These results demonstrated that although alignment gaps in the sequence analyses have a certain impact on the estimates of model parameters; they do not seem to influence the identification of sites under positive selection. However, insertions and deletions can play an important role in the divergence of both flagellins (e.g. the indel of two amino acids that appears in all the species of Group 1, positions 164 and 165).


In conclusion, the maximum likelihood models applied to our set of sequences allowed us to determine the possible evolutionary pathway followed by the flaA gene in Aeromonas. The results indicated that this gene has probably been evolving independently in the two groups of Aeromonas since the divergence of a distant common ancestor after one or several episodes of positive selection in the branch that separates these groups. The saturation of nonsynonymous changes determined in the flaA sequences revealed that the flagellins that define those groups of species have accumulated all the amino acid changes allowed by the restriction structural constraints of the protein.


Bacterial strains and DNA isolation

A total of 18 Aeromonas strains were analyzed including type and reference strains of the genera (Table 1). All strains were grown aerobically on Tryptone soy agar (TSA) at 30°C. Isolates were stored in TSB containing 20% glycerol at -40°C. Genomic DNA was extracted with the REALPURE® Genomic DNA extraction kit (REAL RBMEG03, Durviz, Spain), and stored at 20°C until use.

Primer design

Specific primers were designed from published polar flagella operons of some Aeromonas species [2, 11, 44] and the complete genome sequence of A. salmonicida subsp. salmonicida A449 (GenBank accession number CP000644). For PCR amplications, three sets of primers were designed to amplify the complete flaA gene and its flanking regions (yadS and flaB genes). The sense primers fla1 (5'-GCTGATGTAAACAATCTGCT-3') and fla5 (5'-GCTTAGGAGAATGGTTATG-3') are located at 437 nt and 16 nt, respectively, upstream of the translational start site of the flaA gene. The antisense primers fla2 (5'-GCGTTCAGTGATGAAGTATT-3') and fla2A (5'-CACCCCNTTGTTCCATCT-3') are located at 1541 nt and 977 nt, respectively, downstream of the initiator codon. A set of internal primers was used for sequencing PCR products: fla1A-2 (sense, 5'-ATCAACAGCGCNAANGA-3'), fla12 (sense, 5'-TCCAACCGTCTGACCTC-3'), fla10 (sense, 5'-GCCATGGATGAAGTGAC-3'), fla11 (sense, 5'-CANGTNGGNGCNGANGC-3') and fla7 (antisense, 5'- CGGTTNTGNACCGCACC-3'), which were located at base positions 112, 151, 241, 439 and 722, respectively, downstream of the translational start. Primer3 software was used to design PCR and sequencing primers The oligonucleotides were synthesized by Isogen Life Science (Maarssen, The Netherlands).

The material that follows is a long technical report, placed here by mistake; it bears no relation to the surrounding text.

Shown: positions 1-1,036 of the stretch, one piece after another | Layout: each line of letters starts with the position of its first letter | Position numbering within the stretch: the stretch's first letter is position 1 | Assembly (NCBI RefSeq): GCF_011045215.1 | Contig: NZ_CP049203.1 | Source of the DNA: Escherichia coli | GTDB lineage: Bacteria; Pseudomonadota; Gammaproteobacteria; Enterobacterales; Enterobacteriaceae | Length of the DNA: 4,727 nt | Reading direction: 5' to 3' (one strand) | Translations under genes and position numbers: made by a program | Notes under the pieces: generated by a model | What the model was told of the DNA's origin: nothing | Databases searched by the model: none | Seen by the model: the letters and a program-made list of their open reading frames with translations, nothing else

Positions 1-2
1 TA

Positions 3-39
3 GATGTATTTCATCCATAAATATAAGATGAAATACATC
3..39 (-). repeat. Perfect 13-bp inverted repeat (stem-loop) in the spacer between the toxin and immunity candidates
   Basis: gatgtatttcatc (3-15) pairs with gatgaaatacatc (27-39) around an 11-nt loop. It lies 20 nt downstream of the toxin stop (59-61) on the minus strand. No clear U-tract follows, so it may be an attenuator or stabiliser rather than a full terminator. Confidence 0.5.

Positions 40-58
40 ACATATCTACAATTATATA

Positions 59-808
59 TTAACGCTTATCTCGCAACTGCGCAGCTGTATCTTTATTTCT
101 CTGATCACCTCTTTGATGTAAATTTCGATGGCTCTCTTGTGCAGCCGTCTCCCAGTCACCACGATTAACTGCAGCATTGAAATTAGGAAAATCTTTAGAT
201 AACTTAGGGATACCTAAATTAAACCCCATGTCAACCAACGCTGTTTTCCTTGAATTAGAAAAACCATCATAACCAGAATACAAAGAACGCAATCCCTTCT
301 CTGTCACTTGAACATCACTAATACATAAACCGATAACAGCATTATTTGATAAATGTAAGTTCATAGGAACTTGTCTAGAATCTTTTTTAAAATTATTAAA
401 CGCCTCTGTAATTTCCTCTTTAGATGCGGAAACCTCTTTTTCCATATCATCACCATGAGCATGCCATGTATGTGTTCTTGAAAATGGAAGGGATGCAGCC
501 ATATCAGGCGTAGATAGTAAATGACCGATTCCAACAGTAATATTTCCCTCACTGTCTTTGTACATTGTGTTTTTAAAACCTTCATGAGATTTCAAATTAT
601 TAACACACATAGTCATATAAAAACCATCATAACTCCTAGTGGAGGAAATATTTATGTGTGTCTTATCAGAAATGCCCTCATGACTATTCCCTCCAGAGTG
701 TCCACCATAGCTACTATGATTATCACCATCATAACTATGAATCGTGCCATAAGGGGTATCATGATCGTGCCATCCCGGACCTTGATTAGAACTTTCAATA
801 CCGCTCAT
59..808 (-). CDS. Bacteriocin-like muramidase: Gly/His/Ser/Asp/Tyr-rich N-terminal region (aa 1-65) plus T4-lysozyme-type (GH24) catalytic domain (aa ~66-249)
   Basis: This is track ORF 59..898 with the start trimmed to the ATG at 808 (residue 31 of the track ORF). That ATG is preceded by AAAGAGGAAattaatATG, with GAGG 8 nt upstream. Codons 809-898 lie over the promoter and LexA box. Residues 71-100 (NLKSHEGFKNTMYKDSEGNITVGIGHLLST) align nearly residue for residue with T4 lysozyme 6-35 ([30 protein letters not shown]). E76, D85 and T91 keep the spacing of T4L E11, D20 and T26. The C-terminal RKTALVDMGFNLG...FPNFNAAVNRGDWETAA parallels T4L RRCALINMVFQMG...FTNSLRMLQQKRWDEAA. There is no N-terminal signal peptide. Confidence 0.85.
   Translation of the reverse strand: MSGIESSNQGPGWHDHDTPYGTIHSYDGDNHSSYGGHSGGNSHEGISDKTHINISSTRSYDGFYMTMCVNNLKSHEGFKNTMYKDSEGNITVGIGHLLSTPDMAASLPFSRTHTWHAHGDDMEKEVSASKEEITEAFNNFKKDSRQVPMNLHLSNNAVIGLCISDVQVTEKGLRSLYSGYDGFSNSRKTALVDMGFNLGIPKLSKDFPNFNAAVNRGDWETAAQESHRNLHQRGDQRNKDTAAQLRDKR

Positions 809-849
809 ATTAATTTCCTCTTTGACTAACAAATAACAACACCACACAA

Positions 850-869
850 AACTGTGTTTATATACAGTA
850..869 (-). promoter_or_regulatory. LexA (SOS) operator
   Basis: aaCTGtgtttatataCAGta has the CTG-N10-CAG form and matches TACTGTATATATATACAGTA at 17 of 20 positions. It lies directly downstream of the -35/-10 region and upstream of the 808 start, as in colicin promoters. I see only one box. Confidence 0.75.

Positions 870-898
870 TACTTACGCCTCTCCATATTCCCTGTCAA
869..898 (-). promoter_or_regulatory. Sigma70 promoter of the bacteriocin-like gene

PCR amplification and DNA sequencing

PCR reactions were carried out in a 50 μl volume, containing 0.5–10 μl of genomic DNA as template, 1× PCR buffer I (10× PCR buffer I: 500 mM KCl, 15 mM MgCl2, 100 mM Tris-HCl [pH 8.3]), 2 mM MgCl2, 0.2 mM each dNTP, 10 pmol each primer and 1 U of AmpliTaq Gold DNA polymerase (Applied Biosystems). Amplifications were performed in an Applied Biosystems 2720 thermal cycler using the following program: initial denaturation at 94°C for 5 min, followed by 35 cycles of denaturation at 94°C for 45 s, annealing at 45–50°C for 1 min and elongation at 72°C for 1.30 min, and a final extension at 72°C for 10 min. PCR products were resolved by electrophoresis, and amplicons were purified with a MSB® Spin PCRapace kit (Invitek) or from agarose gel with a QIAquick® Gel Extraction kit (Qiagen). Purified PCR products were directly sequenced on both strands using either the PCR primers or internal primers. Sequencing reactions were performed with an ABI PRISM® BigDye® Terminator v3·1 Cycle Sequencing kit (Applied Biosystems) and analyzed on an ABI PRISM 3700 DNA sequencer (Applied Biosystems) by the Genomics Unit of the Scientific and Technical Services of the University of Barcelona (SCT-UB).

Data analyses